Wynn Las Vegas

The Wynn hotel in Las Vegas. Don't take chances with your money.

Two words often associated with freelance writers are “poor” and “starving.” It doesn’t have to be that way. Life is expensive, and ramen noodles and pbj soon lose any culinary charm. Many writers earn comfortable livings, some even in the six figures. Here’s my advice for becoming a career freelancer:

* Take any assignment offered. We all love bylines, but most magazines and newspapers don’t pay well. Especially not when you’re starting out. My ultimate goal was to do strictly editorial work. However, to keep the cash flowing and my rent paid, I also wrote newsletters, press releases, brochures and speeches. One of my early assignments was a press release about a new battery-operated, plastic sump pump. I got paid $50. At least I was writing.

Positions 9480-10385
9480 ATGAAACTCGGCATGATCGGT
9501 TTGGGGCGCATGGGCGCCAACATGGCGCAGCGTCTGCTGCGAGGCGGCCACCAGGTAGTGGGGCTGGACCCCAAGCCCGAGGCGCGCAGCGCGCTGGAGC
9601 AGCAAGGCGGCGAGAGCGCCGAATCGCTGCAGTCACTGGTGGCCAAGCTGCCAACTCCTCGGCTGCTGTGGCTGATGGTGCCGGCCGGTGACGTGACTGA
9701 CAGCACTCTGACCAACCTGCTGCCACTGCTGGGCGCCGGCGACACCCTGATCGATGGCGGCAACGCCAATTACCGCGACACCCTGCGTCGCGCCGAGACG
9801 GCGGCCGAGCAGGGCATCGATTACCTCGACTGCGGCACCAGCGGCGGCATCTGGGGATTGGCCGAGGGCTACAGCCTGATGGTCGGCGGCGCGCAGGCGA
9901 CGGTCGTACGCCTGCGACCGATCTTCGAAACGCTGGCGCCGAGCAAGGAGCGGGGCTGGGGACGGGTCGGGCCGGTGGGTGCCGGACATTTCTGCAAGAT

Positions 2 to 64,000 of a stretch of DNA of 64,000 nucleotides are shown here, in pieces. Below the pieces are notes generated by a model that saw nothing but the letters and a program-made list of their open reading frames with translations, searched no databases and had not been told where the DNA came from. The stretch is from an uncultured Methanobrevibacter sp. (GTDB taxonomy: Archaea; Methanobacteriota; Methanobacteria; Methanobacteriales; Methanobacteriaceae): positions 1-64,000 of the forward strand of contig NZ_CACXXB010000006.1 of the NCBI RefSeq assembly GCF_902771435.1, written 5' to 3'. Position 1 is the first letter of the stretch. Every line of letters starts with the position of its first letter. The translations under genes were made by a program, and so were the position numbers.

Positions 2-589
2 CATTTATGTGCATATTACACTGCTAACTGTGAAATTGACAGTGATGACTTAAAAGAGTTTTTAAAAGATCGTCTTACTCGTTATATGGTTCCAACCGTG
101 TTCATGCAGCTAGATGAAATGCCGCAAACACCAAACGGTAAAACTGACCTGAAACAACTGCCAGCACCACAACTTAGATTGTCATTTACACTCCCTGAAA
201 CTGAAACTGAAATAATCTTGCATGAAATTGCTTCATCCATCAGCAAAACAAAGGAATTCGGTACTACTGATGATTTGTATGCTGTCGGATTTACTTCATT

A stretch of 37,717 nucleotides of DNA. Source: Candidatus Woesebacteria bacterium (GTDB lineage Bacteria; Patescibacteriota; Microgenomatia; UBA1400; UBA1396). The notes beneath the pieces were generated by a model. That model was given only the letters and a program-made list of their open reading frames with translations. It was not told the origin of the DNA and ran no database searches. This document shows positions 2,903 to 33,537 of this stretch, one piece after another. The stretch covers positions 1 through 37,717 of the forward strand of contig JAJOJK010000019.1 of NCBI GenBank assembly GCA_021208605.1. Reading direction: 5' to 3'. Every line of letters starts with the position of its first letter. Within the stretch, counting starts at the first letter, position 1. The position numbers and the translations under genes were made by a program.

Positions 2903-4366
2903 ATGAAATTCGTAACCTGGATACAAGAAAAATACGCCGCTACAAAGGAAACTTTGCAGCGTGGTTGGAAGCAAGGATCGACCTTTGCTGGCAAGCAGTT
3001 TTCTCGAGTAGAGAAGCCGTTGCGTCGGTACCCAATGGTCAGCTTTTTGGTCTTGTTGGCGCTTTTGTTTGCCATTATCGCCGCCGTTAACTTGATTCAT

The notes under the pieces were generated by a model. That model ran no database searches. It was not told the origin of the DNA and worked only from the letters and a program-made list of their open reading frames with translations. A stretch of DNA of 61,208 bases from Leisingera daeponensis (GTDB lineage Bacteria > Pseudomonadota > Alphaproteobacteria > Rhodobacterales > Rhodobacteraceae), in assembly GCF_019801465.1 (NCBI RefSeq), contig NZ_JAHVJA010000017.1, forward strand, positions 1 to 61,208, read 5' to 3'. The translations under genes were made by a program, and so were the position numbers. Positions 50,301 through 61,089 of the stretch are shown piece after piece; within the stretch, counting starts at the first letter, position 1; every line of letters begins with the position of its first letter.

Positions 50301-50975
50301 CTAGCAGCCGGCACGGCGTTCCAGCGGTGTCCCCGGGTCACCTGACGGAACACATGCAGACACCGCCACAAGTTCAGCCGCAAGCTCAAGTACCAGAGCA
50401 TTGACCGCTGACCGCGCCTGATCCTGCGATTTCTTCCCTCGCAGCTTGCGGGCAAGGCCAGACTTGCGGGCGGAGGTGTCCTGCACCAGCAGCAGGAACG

* Find a steady side job. I tended bar and worked in a jewelry store, 20 hours a week or so. These gigs were flexible enough that I could fit them around my writing assignments. I also got health insurance. As my writing income grew, I ditched the part-time jobs.

* Always have multiple sources of income. The freelance world is volatile, and clients come and go. Years ago I made the mistake of keeping myself busy with only two clients. When one relationship went bust, I lost half my billings. It took me two years to make up the money, with several smaller clients and editors.

* Live under your means. I love great clothes and beach vacations as well as anyone, but what I love more than spending money is saving it. I’m a bargain shopper and a coupon queen. I drive a 16-year-old Toyota Corolla. I could buy another car, but this one runs just fine. Someday you’ll want to buy a home. Lenders don’t look favorably on freelancers, so you’ll need a big down-payment to get their attention. Start saving now.